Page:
Endeavor
– Image by boardGOATS

Not unexpectedly given his extra experience with the game, Green scored the most, with victory points from most areas.  Ivory was close behind in what had been a very enjoyable game.  In fact Grey had not only got over the mis-spelled title, but had enjoyed it so much that he went on to try to find a copy for himself.  Alas Endeavor is very out of print so if it can be found, it’s going to cost a pretty penny, which is a shame, as it is a really good game with good replay-ability, thanks to its random token layout.  On the adjacent table, there was much debate as to what to play, but eventually, the group settled on Istanbul, winner of the Kennerspiel des Jahres two years ago.  We’ve played it a couple of times, but Pine was completely new to it, though both Blue and Red had played it before.  It is also a fairly simple game where players are trying to lead their Merchant and his four Assistants through the Turkish bazaar.  There are sixteen locations each with an associated action, but to carry out an action, the Merchant needs an Assistant to help out.

Istanbul
– Image used with permission of BGG contributor duchamp

The problem is, once an action has been completed, the Merchant must move on, however, an Assistant remains to complete the details of the transaction.  Thus, the Merchant can only carryout a transaction if he has the help of an Assistant.  When he runs out of Assistants, the Merchant cannot carryout a transaction and must either visit the Fountain and summon his Assistants or go back to stalls where the Assistants are to collect them.  The central play-area is made up of tiles representing each stall, so there are four possible layouts:  “Short”, where the distances between places that work well together are small making game-play easier; “Long”, where places that work well together are far apart, which forces players to plan ahead more; “Challenging”, where similar places are grouped together, and “Random”.  For this game, we chose “Long” routes to give us a slightly more interesting game.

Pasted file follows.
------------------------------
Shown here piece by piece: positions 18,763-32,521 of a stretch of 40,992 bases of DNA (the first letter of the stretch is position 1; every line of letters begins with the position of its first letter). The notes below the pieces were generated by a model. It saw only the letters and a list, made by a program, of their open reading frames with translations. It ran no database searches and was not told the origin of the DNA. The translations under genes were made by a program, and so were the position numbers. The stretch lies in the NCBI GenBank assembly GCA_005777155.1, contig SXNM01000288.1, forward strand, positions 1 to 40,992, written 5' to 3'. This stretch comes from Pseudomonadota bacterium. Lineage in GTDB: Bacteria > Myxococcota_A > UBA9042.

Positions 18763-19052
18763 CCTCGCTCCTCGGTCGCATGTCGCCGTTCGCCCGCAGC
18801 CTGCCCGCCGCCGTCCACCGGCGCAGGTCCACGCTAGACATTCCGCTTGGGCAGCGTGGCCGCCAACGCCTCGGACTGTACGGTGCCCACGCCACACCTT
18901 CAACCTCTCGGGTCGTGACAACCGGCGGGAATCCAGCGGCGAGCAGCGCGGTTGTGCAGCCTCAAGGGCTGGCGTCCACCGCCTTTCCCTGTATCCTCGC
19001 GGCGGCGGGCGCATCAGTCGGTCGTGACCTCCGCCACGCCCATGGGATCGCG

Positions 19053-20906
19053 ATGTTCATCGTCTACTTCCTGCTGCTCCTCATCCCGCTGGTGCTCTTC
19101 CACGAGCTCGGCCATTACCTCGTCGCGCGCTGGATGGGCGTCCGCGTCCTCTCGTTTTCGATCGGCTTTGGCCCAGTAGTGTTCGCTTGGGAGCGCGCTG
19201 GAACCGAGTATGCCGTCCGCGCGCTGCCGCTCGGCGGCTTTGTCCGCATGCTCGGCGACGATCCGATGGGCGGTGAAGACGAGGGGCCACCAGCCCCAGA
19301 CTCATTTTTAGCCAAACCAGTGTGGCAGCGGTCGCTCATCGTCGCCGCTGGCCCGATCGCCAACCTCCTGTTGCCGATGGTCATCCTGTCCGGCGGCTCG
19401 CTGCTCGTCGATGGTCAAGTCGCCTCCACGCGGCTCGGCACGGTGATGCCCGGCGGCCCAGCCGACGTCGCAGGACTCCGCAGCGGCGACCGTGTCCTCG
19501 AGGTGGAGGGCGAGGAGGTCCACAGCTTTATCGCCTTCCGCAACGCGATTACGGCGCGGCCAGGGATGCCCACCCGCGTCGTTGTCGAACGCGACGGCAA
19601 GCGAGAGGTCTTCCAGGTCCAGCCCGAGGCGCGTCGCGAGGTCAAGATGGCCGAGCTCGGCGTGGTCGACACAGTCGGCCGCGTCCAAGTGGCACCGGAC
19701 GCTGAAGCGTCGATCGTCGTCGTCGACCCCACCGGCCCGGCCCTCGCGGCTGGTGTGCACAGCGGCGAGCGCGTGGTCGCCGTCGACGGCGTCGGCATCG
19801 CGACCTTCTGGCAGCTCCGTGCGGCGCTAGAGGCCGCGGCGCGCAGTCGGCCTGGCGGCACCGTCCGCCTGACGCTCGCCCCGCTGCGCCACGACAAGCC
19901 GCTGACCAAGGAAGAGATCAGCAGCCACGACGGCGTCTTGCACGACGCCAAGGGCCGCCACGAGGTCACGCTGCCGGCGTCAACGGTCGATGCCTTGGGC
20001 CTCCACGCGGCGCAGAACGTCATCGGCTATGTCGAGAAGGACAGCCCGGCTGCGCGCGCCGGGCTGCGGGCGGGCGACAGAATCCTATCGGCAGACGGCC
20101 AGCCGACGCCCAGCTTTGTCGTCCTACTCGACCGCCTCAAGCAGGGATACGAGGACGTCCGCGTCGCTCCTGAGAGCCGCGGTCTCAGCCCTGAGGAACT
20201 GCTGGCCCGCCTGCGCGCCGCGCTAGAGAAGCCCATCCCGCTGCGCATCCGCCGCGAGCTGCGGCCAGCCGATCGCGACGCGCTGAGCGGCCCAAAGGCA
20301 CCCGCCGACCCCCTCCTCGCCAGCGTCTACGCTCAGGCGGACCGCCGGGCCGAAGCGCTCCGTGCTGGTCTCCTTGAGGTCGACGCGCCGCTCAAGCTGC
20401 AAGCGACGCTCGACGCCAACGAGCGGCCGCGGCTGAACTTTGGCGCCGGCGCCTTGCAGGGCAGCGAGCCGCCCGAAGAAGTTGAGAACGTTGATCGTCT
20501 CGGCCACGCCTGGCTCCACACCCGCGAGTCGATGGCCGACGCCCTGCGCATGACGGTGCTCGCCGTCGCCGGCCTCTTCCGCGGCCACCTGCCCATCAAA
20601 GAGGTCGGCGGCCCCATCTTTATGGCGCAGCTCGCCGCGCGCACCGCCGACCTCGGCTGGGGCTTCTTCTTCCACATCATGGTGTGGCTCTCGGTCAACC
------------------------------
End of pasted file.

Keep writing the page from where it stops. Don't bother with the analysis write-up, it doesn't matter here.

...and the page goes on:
Istanbul
– Image used with permission of BGG contributor punkin312

Blue began by collecting money and visiting the Wainwright to build up the size of her cart, while Red began collecting the special tiles from the Mosque’s while they were still cheap.  Although Pine felt he understood the rules and the aim of the game perfectly, it took him a few rounds to work out how to go about making things work together effectively.  So it was that Blue just managed to get to the Jewelers before Pine and use a double card to buy two gems.  As Pine had only had the exact money for his own double gem purchase, he was now two Lira short and had to go and acquire more cash.  To add insult to injury, he had just acquired his extra Lira when Red pulled a similar trick and Pine had to go and find yet more cash.  While Blue and Pine were building piles of currency, Red was quietly collecting tiles from the Mosques and a full set gave her two gems.

Istanbul
– Image used with permission of of boardgamephotos

Blue and Pine completed their carts and, with her gems from the Jeweler, Blue seemed to have got her nose in front.  That was before Pine, largely unintentionally, got his revenge for the problems Blue had caused him earlier in the game.  Everything Blue tried to do, Pine was there first and obstructed her plans.  In such a tight game, it was just enough to give Red the extra time she needed to get her fifth gem and trigger the end of the game.  Despite a massive forty-two Lira, Pine needed two turns to change them into gems leaving Blue just ahead in second place with four gems.  As Endeavor was still in the closing stages, Red, Blue and Pine investigated the “Feature Game”.  To celebrate our fourth birthday this week, this was to be Crappy Birthday a silly little filler/party game.  This game has a lot in common with games like Apples to Apples and in particular, Dixit.  The idea is that each player has a hand of cards featuring strange potential gifts.  On their turn, it is the active player’s birthday and everyone else passes them a card.  The active player then chooses what they think is the best and worst and returns them to the original owner who keeps them as points.